Microsoft today proposed a new initiative to protect citizens from unwarranted cyberattacks by governments, taking its cues from history.
Speaking at the RSA Conference in San Francisco on Tuesday, Microsoft President Brad Smith outlined a proposed Digital “Geneva Convention” to set standards for protecting civilians from cyberattacks by nation-states.
“Just as the world’s governments came together in 1949 to adopt the Fourth Geneva Convention to protect civilians in times of war, we need a Digital Geneva Convention that will commit governments to implement the norms that have been developed to protect civilians on the internet in times of peace,” Smith wrote in a blog post Tuesday.
In this hypothetical convention, Smith thinks tech companies should play the role of Switzerland. The tech world is almost always the first to witness a cyberattack, and they often end up as the “first responders.”
In the past, companies have developed their own defensive standards, but Smith is now calling on them to come together. “As the Fourth Geneva Convention relies on the Red Cross to help protect civilians in wartime, protection against nation-state cyberattacks requires the active assistance of the tech sector,” Smith wrote.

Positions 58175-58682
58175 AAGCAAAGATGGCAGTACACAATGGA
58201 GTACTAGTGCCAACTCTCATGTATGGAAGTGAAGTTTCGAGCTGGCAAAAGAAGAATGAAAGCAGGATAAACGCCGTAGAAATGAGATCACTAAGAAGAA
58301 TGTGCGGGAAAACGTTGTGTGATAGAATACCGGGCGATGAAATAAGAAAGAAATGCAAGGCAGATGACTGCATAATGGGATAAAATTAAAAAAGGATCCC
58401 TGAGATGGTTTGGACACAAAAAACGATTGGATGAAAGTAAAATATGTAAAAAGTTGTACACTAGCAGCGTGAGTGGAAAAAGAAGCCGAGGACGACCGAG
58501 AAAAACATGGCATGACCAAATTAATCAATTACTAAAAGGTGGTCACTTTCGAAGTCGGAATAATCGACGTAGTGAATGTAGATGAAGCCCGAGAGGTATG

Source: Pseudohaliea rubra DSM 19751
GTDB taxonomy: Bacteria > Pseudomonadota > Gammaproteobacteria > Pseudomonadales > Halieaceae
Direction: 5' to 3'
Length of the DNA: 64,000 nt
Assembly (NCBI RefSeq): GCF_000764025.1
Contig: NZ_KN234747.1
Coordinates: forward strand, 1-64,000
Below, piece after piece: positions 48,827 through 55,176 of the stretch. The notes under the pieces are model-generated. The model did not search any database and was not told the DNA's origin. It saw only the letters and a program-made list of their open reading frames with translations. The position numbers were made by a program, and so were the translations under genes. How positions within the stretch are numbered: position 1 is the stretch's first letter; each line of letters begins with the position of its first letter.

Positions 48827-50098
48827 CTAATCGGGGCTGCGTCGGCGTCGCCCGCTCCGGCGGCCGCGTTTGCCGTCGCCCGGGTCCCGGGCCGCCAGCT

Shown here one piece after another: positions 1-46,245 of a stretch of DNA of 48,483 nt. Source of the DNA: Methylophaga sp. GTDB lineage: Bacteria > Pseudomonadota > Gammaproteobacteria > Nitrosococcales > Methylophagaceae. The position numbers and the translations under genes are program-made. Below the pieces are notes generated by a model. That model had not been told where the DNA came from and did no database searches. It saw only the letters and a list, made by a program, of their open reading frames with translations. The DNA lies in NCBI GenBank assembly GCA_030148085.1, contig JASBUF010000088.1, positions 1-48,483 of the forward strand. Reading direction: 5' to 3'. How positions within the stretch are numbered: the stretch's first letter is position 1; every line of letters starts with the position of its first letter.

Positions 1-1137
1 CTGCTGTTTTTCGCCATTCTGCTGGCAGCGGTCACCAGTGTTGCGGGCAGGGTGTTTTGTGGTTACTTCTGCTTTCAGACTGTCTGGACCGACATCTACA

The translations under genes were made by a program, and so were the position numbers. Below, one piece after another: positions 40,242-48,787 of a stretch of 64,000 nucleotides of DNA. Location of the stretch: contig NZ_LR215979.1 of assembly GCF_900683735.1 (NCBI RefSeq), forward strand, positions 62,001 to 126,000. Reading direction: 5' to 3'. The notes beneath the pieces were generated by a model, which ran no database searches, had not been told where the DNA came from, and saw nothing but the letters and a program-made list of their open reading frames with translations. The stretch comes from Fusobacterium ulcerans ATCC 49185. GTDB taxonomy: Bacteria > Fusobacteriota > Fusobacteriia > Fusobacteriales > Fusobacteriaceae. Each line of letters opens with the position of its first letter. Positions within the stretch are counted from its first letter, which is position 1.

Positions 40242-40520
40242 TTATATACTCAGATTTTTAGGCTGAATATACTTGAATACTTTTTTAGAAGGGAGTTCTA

Microsoft has already partnered with other companies on cybersecurity. Working with cloud companies such as Amazon and Google, it developed systems to combat spam and phishing sites. Now, it’s working on implementing reporting standards for abuse.
In Smith’s proposed Digital Geneva Convention, tech experts from governments, the private sector and civil society would examine cybercrime to determine if it was conducted by a nation-state. The potential response to violations is unclear. The Geneva Convention, for example, has the UN Security Council to conduct international criminal tribunals. Smith’s Convention would serve as a watchdog, but it’s unclear how it would enforce them.
“Even in a world of growing nationalism, when it comes to cybersecurity the global tech sector needs to operate as a neutral Digital Switzerland,” Smith wrote. “We will assist and protect customers everywhere. We will not aid in attacking customers anywhere. We need to retain the world’s trust.”
One of the most high-profile government attacks came in 2014, when North Korea hacked Sony Pictures and leaked personal information in the wake of a movie about the assassination of Kim Jong Un. More recently, online attackers allegedly acting on behalf of Russia hacked the Democratic National Committee in an apparent attempt to disrupt the U.S. election.